Re: [podhajce] interesting video on Polish television
- Go to www.shtetlinks.jewishgen.org/Podhajce There you can see lots of pictures from Podhajce.Jean RosenbaumHouston, TX----- Original Message -----From: Bíró EszterSent: Saturday, January 22, 2011 2:28 PMSubject: Re: [podhajce] interesting video on Polish televisionDear Jeff, and dear Podhajce group members,I live at Budapest, Hungary. Today I have seen the documentary recorded in Podhajce. I found it very interesting but unfortunately I don't understand Polish. Is that possible that on one of the pictures you can see the ruins of the synagogue?My grandmother , Amalia Bieder was born near Podhajce in a small village called Uwsie( in Ukranien Vivsye). She was born in1888, and she left as a small child for Vienna, and later she married a Hungarian jew, my grandfather, and moved to Budapest. She could never return, and practically all her relatives were unknown to us.A few years ago we visited Lvov. Unfortunately we didn't have enough time to visit the small places, including Podhajce, and Vivsye where my relatives lived before the war. Not driving we were also dependent on public transportation.I hope that some day I will be able to visit these places.Of course I would like to trace my lost relatives. I have in my possession some old family documents. According to them, my great grandmother was called Apfelbaum Lyba and my great grandfather Bieder Samuel.I would appreciate any help I could get in my search.Best regardsEszter Biro----- Original Message -----From: JKSent: Thursday, December 30, 2010 6:36 PMSubject: [podhajce] interesting video on Polish television
I found an interesting TV documentary on an expatriot Polish visit to Podhajce and the church ruin there (you may know that the region was the victim of a double ethnic cleansing, of both Jews and Poles...at the end of the war, as part of Moscow's plan to make the region more ethnically Ukrainian, millions of Poles and Ukrainians had to switch borders or face death).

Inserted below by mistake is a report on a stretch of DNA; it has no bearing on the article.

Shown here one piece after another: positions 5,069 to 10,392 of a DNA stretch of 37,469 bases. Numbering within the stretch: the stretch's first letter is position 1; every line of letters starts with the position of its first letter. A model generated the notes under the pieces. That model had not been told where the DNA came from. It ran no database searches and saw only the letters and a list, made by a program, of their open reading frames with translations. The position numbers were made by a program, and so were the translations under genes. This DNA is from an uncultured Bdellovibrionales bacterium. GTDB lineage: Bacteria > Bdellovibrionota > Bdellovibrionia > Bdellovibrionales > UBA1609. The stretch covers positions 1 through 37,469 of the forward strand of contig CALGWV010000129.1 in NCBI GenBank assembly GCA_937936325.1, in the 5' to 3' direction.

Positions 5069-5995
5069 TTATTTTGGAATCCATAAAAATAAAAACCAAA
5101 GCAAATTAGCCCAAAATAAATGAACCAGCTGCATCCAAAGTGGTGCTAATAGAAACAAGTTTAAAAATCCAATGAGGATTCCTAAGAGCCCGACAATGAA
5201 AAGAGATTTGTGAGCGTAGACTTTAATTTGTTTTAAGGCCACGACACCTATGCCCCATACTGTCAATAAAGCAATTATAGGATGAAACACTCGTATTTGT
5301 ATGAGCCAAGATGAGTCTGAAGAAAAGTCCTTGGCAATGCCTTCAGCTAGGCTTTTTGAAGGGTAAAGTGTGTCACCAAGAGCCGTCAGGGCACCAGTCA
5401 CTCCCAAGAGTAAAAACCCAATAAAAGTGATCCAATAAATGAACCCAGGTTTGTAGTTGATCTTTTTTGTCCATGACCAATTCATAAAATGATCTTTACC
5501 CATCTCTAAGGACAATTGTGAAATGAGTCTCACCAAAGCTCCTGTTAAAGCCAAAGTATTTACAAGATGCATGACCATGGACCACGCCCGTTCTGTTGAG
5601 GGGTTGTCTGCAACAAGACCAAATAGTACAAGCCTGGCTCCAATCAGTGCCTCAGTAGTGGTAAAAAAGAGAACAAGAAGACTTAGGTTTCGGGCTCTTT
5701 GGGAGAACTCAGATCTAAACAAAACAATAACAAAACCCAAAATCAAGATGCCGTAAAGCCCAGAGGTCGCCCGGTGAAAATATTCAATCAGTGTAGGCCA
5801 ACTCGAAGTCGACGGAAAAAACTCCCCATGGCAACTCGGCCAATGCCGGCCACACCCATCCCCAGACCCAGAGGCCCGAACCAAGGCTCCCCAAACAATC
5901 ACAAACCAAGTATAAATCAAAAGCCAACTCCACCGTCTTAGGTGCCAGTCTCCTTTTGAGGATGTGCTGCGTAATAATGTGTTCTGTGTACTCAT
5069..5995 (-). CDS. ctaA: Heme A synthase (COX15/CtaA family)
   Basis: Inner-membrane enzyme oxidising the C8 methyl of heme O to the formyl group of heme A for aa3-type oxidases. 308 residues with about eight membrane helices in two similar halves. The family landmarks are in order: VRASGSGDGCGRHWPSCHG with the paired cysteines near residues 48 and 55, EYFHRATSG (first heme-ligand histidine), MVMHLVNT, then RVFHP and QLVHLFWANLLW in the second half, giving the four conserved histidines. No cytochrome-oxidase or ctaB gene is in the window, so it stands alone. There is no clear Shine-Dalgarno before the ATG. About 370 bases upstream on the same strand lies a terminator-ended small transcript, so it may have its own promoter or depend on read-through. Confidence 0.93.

Unfortunately the documentary is in Polish.
My knowledge of Polish is quite poor (I speak Czech) but I suspect the filmmakers decided to ignore the Jewish aspect to the town's tragedy, which was expected. The two large Jewish mass graves and the shul are completely ignored. I guess you cant have more than one tragedy at a time.
About 20 minutes into the film, there is an old Polish/Austrian lady named Ms. Neuberg interviewed, she is one of the town's rare non-Ukrainian residents. She remembered my grandmother's sisters quite well and recounted, in tears, their round-up, as her house was right outside the war-period ghetto.
Not mentioned in the documentary is the Sikorski family, a recipient of a Righteous Gentile award...their mother was executed when the Nazis found out she was sheltering two Jewish boys named Kessler (I believe the Kessler house is identified on a Podhajce website somewhere as it still stands in the downtown area...I think Kessler was the town's optometrist).
You can advance the bar below the image to move about the piece, just copy and paste this address into your web address bar:
I live in Brno, Czech republic, so if anyone is entertaining a trip to Podhajce, I know enough people there to help out, maybe even accompany you.